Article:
Friday, May 23, 2008

DovBear argues in favor of women's aliyot

See his "Why the Meron pilgrimage [*] is an argument in favor of calling women for aliyot."

Orthodox blogger DB's argument in favor of women's aliyot*:

"My question to those who would berate women for attempting to find spiritual fulfilment the only way they know how -by copying the only things they see - is this: How do you justify yourselves? If Meron (and countless other rituals and observances) could be taken from other cultures and added for the sake of pleasing men, what is the justification for continuing to frustrate women?"

Yehudi Hilchati, also Orthodox, who agrees with DB, plays devil's advocate, and makes the most reasonable case for opponents of aliyot that I, a hard-core egalitarian, can think of:

I agree totally that women should have expanded ritual roles in tefilla [prayer] and kriat hatorah [[reading from a scroll of the biblical Five Books of Moses (Hebrew)]. But your analogy is not a great one.

The minhag [custom] of going to Meron on Lag BaOmer is just that - a minhag. Those who go don't claim it's halacha [Jewish religious law]. While I think that women's laining [reading from a scroll of the biblical Five Books of Moses (Yiddish)] is not assur [forbidden] today, there have been numerous halachic objections over the centuries that have great force in certain communities and things aren't going to change overnight.

Furthermore, those who don't go to Meron don't have to see the people who do. [Bolding added.] It's something that some people do but doesn't become a issue for most of klal yisrael [the community of Israel/The Jewish People]. Out of sight, out of mind.

Yehudi Hilchati Homepage 05.22.08 - 1:45 pm #

I have personal experience with this way of looking at things. In my own local synagogue, the traditionalists, none of whom come to weekday morning minyan anymore (due to age and/or illness), are perfectly content to let women serve as gabbai, lein Torah, and even lead services at the weekday morning minyanim, but heaven help us if we ask for the same privileges on a Shabbat (Sabbath) or Yom Tov (Festival), when they're there to see it.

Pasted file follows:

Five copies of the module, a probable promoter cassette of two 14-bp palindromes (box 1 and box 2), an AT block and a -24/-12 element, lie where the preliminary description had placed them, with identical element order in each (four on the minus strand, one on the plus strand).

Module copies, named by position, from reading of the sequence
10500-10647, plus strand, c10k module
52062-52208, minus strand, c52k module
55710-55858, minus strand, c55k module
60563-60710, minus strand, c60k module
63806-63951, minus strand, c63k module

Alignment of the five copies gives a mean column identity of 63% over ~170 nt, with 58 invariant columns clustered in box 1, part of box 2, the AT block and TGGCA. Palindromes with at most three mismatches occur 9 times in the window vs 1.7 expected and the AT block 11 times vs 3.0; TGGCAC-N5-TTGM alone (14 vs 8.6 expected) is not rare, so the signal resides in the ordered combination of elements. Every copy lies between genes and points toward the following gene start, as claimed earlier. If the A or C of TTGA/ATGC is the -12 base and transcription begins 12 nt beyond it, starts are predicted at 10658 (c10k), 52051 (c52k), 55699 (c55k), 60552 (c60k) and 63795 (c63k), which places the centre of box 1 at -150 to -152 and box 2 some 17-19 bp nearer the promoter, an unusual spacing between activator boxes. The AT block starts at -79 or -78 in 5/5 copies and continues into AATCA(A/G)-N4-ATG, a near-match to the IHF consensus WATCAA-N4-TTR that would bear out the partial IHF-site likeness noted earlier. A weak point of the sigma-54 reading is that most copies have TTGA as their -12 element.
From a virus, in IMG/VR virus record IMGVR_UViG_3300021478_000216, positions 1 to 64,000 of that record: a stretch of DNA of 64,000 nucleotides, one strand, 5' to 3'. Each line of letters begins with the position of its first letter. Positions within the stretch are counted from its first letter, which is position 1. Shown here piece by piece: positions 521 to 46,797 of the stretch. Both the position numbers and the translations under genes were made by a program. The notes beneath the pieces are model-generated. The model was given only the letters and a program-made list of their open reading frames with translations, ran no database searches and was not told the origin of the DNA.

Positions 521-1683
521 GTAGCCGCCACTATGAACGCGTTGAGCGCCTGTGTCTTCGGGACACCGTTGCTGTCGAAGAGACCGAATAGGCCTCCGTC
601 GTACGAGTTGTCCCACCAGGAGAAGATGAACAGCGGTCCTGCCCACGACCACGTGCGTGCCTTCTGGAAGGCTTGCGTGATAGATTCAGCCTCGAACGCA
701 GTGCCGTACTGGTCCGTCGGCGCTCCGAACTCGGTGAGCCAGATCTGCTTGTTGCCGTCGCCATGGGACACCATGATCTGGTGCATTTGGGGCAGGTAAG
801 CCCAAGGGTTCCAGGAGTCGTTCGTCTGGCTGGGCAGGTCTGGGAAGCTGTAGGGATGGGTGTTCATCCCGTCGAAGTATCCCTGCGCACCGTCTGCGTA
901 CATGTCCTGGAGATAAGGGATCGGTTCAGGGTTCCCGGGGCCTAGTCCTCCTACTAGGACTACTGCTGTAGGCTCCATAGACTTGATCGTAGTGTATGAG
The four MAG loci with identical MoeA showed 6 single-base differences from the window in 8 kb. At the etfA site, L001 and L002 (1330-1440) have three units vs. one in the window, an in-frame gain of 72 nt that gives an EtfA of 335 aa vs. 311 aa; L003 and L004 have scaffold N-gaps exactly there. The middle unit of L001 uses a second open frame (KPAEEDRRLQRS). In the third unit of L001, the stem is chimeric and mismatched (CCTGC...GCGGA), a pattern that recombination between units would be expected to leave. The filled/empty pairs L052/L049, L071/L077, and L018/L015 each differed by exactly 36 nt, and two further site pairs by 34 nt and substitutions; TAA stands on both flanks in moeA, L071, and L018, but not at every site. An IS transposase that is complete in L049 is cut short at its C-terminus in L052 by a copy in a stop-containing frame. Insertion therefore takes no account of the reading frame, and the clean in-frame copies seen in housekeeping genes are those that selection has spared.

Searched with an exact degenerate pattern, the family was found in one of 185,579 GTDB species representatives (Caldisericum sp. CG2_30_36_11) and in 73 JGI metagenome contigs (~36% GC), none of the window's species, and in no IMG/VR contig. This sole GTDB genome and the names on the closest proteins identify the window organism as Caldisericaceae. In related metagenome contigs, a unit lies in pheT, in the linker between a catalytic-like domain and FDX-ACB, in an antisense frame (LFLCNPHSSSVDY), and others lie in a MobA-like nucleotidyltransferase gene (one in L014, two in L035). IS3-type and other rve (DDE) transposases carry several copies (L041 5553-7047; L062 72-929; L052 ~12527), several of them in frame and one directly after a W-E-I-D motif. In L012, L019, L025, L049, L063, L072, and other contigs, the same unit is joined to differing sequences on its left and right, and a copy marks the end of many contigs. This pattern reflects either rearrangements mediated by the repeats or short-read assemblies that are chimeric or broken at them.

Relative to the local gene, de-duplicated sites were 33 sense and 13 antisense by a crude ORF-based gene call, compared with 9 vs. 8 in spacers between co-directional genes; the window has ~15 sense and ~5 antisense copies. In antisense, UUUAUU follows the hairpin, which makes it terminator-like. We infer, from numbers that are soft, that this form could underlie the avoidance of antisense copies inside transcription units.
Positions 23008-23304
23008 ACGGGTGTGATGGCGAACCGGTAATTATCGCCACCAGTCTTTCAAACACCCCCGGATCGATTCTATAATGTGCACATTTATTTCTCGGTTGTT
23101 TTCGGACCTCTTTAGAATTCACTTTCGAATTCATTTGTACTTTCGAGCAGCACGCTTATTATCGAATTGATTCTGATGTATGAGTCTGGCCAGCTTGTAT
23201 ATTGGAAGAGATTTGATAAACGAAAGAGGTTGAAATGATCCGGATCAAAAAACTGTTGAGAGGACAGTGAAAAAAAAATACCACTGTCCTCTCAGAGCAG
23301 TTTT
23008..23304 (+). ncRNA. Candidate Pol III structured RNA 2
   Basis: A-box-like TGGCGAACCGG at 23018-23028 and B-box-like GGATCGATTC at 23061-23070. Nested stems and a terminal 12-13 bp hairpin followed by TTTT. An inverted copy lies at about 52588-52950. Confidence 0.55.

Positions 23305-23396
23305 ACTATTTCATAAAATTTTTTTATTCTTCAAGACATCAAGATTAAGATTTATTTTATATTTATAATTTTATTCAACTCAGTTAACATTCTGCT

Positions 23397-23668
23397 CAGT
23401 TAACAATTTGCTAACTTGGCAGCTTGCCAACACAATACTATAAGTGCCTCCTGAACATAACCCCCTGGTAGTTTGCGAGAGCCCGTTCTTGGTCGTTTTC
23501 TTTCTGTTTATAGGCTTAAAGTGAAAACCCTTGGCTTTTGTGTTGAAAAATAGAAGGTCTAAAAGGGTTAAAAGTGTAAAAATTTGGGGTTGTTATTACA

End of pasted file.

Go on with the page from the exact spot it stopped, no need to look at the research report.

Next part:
*Explanation of the "Meron pilgrimage" mentioned in DB's post.)

*"Aliyah," plural "aliyot" (from here):
Aliyah – Literally means “to go up”. Used when referring to when someone emigrates to Israel, or when someone is called up to read or say a blessing on the torah. Also when someone passes away, we say their neshama/soul goes “up” to shamayim/gan eden/heaven.)


Anonymous Anonymous said...

How about regardless of what the gemara means and the explanation of the gemara--if it says dont do it--we dont do it?brad

Mon May 26, 07:43:00 PM 2008  
Anonymous Anonymous said...

I appreciate hearing these things from your perspective. It is thrilling to me each and every time women of a certain generation are called to Torah in our shul and it is clear that it is the very first time they have been in such close proximity to the Sefer Torah.

Mon May 26, 11:22:00 PM 2008  
Blogger Shira Salamone said...

Anon, my admittedly-limited understanding is that the objection to women having aliyot is that it reflects poorly on kavod ha-tzibbur, the honor of the congregation, by implying that the men are too ignorant to get aliyot. The problem that a man might not be able to read his own portion was solved centuries ago, with the development of the position of baal koreh ("master of reading"), who reads all the aliyot so as not to embarrass those unable to read for themselves. And I hardly think that the existence of woman's learning casts aspersions on men's learning in this day and age. As the saying goes, I saw you at Sinai--we women were there, too.

Rivster, it never ceases to amaze--and upset--me that a woman could observe every last mitzvah commanded in the Torah and go to her grave without ever have seen the inside of a Torah scroll from sufficiently close up to be able to read it. I consider it a tremendous honor to be called to the Torah, and wish that everyone, male or female, who wished to have such an honor could do so.

Tue May 27, 12:54:00 PM 2008  

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